Mumbai Food: Colaba eatery offers healthy food and fitness lab
Sandeep Sachdev, once the winner of reality show The Biggest Loser, launches a cafe to ensure you eat healthy minus the feels
Banker-turned-fitness professional Sandeep Sachdev doesn't like calling his new Colaba eatery, Easy Human, a health cafe. He's aware of the stereotypes the term evokes — salads, fruit-and-muesli breakfast and cold pressed juices. "But there's so much [more]. In fact, we serve just about everything," he says. Except pizza, he adds sheepishly. "We wanted a pizza to taste like one. Since we couldn't find the right alternatives, we dropped it," he says. The menu backs his claim. We spot butter chicken (Sachdev's weakness), kulchas, buff burgers, kathi roll, and sweet potato fries. All dishes are more or less modelled on the Paleo diet, which typically excludes grain, dairy, trans fats and highly processed food.
He recalls having embarked on a grain-free diet during acting assignments — he worked with Chitrangada Singh in Sudhir Mishra's Inkaar in 2013 — but that soon translated into a lifestyle choice. But he owes his dietary discipline — eating seven meals a day which includes a mix of carbs and protein — to the reality show, The Biggest Loser, where he emerged victorious post a weight loss of 50.7 kg.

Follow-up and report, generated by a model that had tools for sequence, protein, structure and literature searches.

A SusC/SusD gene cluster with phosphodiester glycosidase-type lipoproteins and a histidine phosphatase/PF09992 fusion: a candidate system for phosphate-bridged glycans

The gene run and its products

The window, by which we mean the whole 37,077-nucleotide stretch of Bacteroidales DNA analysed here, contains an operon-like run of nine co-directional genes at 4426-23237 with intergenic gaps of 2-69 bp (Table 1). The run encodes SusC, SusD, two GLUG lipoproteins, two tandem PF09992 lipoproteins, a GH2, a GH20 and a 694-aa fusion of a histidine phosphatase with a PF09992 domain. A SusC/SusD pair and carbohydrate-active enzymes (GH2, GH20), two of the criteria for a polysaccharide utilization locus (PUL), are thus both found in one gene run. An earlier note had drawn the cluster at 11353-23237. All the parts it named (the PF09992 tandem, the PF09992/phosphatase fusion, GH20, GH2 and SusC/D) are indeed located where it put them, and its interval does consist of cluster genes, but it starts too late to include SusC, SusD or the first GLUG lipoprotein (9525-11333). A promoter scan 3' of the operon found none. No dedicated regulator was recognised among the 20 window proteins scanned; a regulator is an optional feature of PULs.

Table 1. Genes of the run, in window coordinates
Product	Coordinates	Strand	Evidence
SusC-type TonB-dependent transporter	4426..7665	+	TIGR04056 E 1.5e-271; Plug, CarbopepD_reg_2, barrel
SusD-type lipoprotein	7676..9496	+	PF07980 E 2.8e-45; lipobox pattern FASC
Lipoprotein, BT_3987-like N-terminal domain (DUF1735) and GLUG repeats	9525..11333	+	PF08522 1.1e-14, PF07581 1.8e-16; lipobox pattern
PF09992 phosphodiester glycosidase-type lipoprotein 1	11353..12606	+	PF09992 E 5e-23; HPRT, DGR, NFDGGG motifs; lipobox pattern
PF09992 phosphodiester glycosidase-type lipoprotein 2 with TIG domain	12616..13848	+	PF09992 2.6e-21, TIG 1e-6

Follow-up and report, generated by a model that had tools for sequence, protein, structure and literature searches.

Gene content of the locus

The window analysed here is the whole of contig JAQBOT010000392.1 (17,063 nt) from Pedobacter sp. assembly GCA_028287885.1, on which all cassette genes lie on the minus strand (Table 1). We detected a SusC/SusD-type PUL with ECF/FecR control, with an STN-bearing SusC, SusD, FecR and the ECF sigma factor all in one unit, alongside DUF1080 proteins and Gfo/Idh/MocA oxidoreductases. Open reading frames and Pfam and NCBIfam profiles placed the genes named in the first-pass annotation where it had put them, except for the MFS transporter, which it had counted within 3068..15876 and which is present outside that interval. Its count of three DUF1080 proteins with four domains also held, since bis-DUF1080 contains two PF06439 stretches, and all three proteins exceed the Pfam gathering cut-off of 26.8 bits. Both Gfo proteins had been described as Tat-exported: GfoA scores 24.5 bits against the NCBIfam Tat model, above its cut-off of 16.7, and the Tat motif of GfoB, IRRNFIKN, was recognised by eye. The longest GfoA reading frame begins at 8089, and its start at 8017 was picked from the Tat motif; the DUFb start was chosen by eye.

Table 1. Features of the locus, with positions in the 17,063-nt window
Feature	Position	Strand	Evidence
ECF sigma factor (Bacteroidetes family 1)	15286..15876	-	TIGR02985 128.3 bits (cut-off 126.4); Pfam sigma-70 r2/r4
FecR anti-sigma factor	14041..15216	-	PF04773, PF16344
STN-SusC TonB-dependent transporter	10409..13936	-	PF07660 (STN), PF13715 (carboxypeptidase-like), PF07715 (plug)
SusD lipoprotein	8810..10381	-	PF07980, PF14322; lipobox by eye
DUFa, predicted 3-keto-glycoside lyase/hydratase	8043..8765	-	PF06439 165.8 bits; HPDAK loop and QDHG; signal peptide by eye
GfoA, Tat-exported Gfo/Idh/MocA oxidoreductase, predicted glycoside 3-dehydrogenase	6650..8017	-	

The cafe, launched last month ago, is a product of five fitness buffs who put their heads together to offer a combination of food and wellness. The space, therefore, also includes a gym and a fitness lab to hold dedicated workshops, community building activities and food experimentation. But for Sachdev, food comes first. "The mindset is 'let me join the gym first and then figure the diet'. Working out shapes you up, but eating defines fitness in the long term. You may not work out every day, but you will eat every day," he says.
For over a year, Shivali Sharma, managing director and nutritionist, Rohit Tambe, head chef, Ritesh Shaiwal, movement specialist and Pankaj Chandila, director and nutritionist and Sachdev worked on the concept that would make them take wellness to the aam junta. "We didn't want to deprive guests of the taste of the original dishes. For instance, in the butter chicken we aren't using butter. The secret ingredient is making it in nut cream. The kulchas are made with coconut and almond flour." And, because they had to be fair to vegetarians, all dishes have a non-meat equivalent. For every mutton kheema with pav, there's a soya kheema, and a creamy butter paneer to match the butter chicken. Sachdev's idea now is to make Easy Human into a hyper local venture. "It'll be customised to meet the needs of the area."
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